Bio-path Holdings Inc.
Bio-Path is engaged in the business of financing and commercializing novel cancer therapeutics acquired from MD Anderson Cancer Center. Their first Antisense drug BP-1001 has completed a combination (with Ara-C) safety phase 8 cohort for treatment of AML. No toxicity was seen. 5 out of 6 patients acheived at least partial remission. 50% had total remission! The company has completed the review by the FDA for this drug to begin phase II. The patient dosing has begun at MD Anderson, Baylor and University of Kansas. Bio-Path Holdings is focused on antisense drugs which work at a cellular level to interrupt protein production by the diseased cell. The lead drug is BP1001 targeting the Grb-2 protein. Several years ago Gilead attempted to produce viable antisense drugs unsuccessfully because of high toxicity caused by their cationic (positively charged) liposome delivery system. Bio Path Holdings' delivery system is a small molecule neutral liposome system. Through the 8 cohort of phase 1 (treating different types of leukemia) there has been absolutely no toxicity. Testing performed by Bio Path demonstrates an uptake of the drug at a cellular level. The pErk results demonstrate not only a 50+% knockdown of the target protein but shows the pathway was shut down validating our delivery system. With the completion of the combination safety trials with Ara-C and FDA approval, phase 2 has begun and is accepting patients. This trial will occur at several sites. The purpose of phase 2 will be to test the effectiveness of the drug. The company may explore an FDA accelerated status after testing is complete on 19 additional patients.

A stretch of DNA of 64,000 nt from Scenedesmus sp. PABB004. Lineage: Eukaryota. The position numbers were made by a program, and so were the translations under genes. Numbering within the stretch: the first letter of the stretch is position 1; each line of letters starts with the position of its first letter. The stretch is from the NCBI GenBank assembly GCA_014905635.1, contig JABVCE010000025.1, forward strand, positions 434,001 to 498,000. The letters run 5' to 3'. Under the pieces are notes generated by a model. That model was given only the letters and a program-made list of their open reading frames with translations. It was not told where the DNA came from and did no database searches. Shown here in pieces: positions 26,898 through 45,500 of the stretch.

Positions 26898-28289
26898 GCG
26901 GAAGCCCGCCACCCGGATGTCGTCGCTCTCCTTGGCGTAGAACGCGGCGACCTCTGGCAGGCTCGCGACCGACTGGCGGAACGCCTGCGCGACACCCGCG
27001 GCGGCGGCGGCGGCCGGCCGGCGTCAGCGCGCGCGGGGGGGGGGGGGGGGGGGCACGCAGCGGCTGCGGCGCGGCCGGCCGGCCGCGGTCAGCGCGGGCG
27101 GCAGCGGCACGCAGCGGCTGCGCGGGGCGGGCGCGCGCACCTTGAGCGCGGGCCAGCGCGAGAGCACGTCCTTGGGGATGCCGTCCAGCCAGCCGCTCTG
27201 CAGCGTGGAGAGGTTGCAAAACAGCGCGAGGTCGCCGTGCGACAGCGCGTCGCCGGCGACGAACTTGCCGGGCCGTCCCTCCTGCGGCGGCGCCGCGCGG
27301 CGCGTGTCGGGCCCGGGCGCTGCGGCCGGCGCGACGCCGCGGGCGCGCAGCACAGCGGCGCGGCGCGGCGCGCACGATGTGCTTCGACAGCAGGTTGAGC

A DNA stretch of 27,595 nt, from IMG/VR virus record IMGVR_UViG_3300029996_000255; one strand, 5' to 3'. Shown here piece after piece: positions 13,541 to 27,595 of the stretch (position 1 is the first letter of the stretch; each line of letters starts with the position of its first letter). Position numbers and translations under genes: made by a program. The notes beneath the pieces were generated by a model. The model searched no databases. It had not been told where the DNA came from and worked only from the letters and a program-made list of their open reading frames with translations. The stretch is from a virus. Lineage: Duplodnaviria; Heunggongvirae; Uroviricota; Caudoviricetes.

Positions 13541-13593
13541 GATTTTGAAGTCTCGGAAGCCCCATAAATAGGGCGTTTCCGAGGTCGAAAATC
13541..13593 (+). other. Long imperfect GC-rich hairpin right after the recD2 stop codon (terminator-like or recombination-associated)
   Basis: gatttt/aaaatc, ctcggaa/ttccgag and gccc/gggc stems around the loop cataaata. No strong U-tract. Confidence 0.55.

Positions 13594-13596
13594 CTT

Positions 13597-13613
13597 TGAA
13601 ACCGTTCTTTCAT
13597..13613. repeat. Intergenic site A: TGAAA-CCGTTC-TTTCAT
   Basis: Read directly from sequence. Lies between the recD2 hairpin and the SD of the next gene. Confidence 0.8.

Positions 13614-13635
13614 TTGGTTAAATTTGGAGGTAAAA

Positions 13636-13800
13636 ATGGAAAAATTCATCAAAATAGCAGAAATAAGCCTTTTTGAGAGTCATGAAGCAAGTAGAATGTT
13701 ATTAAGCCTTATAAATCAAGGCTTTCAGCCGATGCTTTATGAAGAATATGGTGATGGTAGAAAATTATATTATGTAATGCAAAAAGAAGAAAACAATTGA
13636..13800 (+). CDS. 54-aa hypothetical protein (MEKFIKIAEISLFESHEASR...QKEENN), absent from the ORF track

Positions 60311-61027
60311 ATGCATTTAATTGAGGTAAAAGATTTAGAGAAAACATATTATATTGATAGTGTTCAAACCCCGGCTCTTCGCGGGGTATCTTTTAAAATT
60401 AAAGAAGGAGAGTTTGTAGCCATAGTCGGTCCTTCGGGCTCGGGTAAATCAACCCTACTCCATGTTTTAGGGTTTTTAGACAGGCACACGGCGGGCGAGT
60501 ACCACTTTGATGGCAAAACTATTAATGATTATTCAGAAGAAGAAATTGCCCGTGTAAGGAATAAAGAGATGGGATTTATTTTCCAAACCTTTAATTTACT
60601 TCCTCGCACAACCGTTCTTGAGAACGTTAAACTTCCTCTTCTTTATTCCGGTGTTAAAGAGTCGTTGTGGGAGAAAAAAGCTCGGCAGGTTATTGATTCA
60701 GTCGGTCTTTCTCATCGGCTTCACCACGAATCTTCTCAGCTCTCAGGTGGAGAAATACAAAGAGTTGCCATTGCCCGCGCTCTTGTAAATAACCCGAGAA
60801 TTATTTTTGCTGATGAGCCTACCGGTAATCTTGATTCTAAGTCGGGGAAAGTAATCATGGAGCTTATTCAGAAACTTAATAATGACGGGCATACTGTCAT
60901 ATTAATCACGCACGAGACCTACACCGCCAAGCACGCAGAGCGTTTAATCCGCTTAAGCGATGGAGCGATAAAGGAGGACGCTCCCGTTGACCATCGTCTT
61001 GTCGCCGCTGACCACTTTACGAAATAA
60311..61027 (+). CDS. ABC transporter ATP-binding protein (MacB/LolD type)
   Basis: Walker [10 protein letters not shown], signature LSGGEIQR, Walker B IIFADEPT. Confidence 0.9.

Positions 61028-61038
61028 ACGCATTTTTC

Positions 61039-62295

Bio-Path Holdings will also begin phase 1 testing of their antisense drug BP1001 on certain types of breast cancer which the date have been resistant to treatment. Additionally, BPTH is initiating development of a second drug BP1002 targeting Bcl-2 for Follicular Lymphoma.
The company has entered into a sponsored research agreement with the University of Texas Southwestern Medical Center to evaluate BPTH's pipeline for efficacy in down-regulating the immune response using systemic lupus erythematosus (SLE) as a model. Bio-Path has entered into a sponsored research agreement with Thomas Jefferson University to investigate DNAbilize™ antisense DNA technology for the development of a brain cancer immunotherapy that works by activating the patient’s own immune system to fight their cancer. Also, BPTH has entered into a sponsored research agreement with MD Anderson to evaluate the ability of its pipeline to modulate pancreatic cancer.
While antisense drugs fell out of favor following Gilead's failed efforts there is now renewed interest. Ionis established partnerships with Biogen Idec and GlaxoSmithKline for their antisense technology. If Bio-Path holdings proves the validity of their delivery system, I would expect similar partnerships.
This link to the company website describes their novel delivery technology: http://biopathholdings.com/technology/
The company was founded on the technology from M.D. Anderson Cancer Center at the University of Texas in Houston. M.D. Anderson was the largest shareholder. After raising an additional 10 million dollars the company has $13+ million in cash. These funds should allow the company to start phase II testing of their antisense drug BP1001 on leukemia and begin phase I testing for breast cancer. The company has an "at the market" credit facility in place with Cantor Fitzgerald to raise another $25 million.
Bio-Path Holdings do not manufacture their drug but uses contractors. Once the efficacy of BP1001 is established, I would anticipate a manufacturing partnership will occur. The CEO says the company has now ramped up their structure as they are a phase 2 developmental company.